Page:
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    Foodservice Growth Trends: 2 Key Demographics for F-S Franchisors, Others

    Foodservice franchisors and other foodservice operators -- supermarkets included -- looking to drive growth should focus on two key demographics: young adults ages 18 to 34 and health-conscious customers, according to a new report from Packaged Facts.

    Foodservice franchisors and other foodservice operators -- supermarkets included -- looking to drive growth should focus on two key demographics: young adults ages 18 to 34 and health-conscious customers, according to a new report from Packaged Facts.

    These groups are “sweet spots” for foodservice operators, noted “U.S. Foodservice Landscape 2010: Restaurant Industry and Consumer Trends.” Some specifics: patrons 18 to 24 years old have more people in their dining party and spend 25 percent more on a per-meal basis. Healthy eaters and “tech-savvy” diners also spend more per visit and tend to have larger party sizes than the average.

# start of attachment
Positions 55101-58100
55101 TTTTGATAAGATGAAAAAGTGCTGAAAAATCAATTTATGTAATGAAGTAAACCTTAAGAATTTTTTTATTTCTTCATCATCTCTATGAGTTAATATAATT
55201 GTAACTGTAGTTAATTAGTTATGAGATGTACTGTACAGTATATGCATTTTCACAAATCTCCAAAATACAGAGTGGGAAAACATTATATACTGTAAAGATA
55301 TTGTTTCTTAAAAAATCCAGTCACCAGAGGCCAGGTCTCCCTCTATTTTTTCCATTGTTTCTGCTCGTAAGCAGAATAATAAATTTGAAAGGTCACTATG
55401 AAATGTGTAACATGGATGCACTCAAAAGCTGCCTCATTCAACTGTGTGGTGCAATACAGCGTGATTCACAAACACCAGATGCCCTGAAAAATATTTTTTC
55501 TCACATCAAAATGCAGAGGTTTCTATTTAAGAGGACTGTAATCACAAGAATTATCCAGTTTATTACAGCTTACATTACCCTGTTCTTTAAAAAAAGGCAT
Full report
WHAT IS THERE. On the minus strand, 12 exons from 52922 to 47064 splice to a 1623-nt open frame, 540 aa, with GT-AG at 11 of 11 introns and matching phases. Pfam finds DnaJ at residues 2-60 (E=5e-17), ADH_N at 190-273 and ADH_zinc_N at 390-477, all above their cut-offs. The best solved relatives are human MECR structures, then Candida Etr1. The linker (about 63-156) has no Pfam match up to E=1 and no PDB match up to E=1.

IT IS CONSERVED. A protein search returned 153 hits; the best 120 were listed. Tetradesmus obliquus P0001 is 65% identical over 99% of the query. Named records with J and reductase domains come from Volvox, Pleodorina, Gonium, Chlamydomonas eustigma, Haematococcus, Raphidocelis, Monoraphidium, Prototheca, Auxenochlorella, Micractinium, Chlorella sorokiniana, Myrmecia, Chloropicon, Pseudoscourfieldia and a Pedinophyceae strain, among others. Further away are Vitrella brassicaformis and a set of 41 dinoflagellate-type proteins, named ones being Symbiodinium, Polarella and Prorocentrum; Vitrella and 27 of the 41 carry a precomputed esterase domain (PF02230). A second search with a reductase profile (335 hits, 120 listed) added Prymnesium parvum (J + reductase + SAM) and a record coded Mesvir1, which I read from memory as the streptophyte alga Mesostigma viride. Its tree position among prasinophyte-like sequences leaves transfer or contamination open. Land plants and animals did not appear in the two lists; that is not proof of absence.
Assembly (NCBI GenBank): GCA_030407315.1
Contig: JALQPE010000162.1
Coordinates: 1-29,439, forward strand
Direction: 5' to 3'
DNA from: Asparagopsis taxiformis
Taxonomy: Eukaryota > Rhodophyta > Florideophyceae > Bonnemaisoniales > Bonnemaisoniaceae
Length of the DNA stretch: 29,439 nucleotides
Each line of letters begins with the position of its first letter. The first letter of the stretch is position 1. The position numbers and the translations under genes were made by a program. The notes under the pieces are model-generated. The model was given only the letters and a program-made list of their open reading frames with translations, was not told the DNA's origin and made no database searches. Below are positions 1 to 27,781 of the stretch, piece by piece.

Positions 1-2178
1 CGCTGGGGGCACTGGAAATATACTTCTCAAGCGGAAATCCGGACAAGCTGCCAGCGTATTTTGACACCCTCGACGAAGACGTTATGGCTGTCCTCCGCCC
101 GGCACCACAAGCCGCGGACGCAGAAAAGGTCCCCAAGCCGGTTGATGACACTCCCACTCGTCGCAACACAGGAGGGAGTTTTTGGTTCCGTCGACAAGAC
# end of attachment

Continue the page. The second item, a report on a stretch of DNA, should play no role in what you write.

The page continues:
What attracts these desirable consumers? Novelty and environmental friendliness were both key ingredients, according to the report. Other factors that will drive success for foodservice include:

    • Offering new menu items to attract customers who are already loyal

    • Increasing frequency of visits among existing customers with targeted promotions such as loyalty programs, which are especially popular among Gen Y (ages 25 to 34) customers and health-conscious consumers

    • “Mix and match” promotions that pair low- and high-margin menu items

    • Commitment to sustainability practices

    • Online or mobile ordering capabilities

    Overall, Packaged Facts’ outlook on the foodservice industry is cautious. Grocery sales were up 4 percent in February, which shows that more consumers are still eating at home to save money, and New York-based Packaged Facts predicts an overall 2 percent decline in restaurant sales this year, with a 2 percent increase in 2011. Sales at full-service restaurants are predicted to decline 4 percent this year, then rise 1 percent next year, while limited-service restaurant sales will decline 1 percent this year and rise 2 percent in 2011.

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